This Is How To Feed A Town With Loose Change

This Is How To Feed A Town With Loose Change

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grocery-produce-shopper-CC-Old Shoe Woman

A quarter won’t get you very far these days—but an innovative program in Canada, is helping folks put their loose change to good use.

April 7 is World Health Day, and what could be happier than fresh produce. As part of a “Food For Friends” program, grocery stores around Woodstock, Ontario have been inviting shoppers to add 25 cents to their check-out bill to help local families in need. The money, which is collectively transferred onto food cards, allows families the opportunity to shop for their own fresh groceries, and avoid the shame associated with visiting a traditional food bank.

It’s amazing how fast those quarters add up. Now in it’s ninth year, the initiative has raised between $75,000-$90,000 a year for the 275 families enrolled in the program— an amount equivalent to what typically feeds those families through the food bank system.

The cards are not only a more discreet method of distributing food, they’re also more efficient, cutting out the need for food truck deliveries, warehouse storage, and volunteer hours. Not a cent is used for administrative costs, and it’s a great way for people from all socioeconomic backgrounds to help others within their own community.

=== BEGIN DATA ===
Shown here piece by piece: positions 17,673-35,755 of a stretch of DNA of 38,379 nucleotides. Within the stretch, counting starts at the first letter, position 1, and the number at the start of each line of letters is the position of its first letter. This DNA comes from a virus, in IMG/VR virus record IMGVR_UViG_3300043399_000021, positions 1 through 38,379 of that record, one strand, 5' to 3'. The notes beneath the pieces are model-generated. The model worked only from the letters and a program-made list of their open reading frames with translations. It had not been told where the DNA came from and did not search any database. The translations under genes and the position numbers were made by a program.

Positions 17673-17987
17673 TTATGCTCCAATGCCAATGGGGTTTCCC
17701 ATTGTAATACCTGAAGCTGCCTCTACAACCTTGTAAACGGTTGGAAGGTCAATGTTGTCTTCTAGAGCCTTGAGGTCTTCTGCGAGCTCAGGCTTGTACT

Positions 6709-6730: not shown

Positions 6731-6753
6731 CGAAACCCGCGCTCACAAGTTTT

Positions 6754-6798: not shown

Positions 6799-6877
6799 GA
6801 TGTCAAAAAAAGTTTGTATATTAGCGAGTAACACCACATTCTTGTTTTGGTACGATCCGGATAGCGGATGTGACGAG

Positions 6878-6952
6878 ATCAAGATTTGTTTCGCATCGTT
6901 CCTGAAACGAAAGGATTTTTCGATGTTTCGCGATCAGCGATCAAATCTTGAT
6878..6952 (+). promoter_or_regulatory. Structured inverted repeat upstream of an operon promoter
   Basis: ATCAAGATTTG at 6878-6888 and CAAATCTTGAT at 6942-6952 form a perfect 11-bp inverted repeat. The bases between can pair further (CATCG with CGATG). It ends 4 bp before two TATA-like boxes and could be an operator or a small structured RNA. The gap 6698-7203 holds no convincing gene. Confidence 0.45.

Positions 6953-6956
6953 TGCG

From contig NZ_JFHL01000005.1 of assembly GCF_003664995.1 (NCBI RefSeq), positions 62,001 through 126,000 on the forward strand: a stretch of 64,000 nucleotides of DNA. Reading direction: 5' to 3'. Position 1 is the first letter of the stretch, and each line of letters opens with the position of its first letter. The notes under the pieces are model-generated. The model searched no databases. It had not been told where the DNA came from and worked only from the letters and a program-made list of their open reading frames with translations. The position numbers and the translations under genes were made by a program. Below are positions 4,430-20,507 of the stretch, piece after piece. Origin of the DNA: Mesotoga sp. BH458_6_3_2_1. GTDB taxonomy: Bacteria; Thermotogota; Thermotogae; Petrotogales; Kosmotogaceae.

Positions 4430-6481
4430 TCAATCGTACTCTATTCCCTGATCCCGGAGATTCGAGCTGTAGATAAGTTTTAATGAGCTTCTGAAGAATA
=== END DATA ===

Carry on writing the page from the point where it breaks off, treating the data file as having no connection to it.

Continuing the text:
The program was developed by Stephen Giuliano, the Director of Operation Sharing, a group that assists low-income people in Oxford County. Giuliano hopes to use this approach with other Operation Sharing programs such as the homeless shelter, disability support and children’s services.

Believing the model could be used across Canada as a method for addressing poverty, he told The Star, “I think we can make history here.”

(WATCH the video below from CBC’s The National) – File Photo: by Old Shoe Woman, CC

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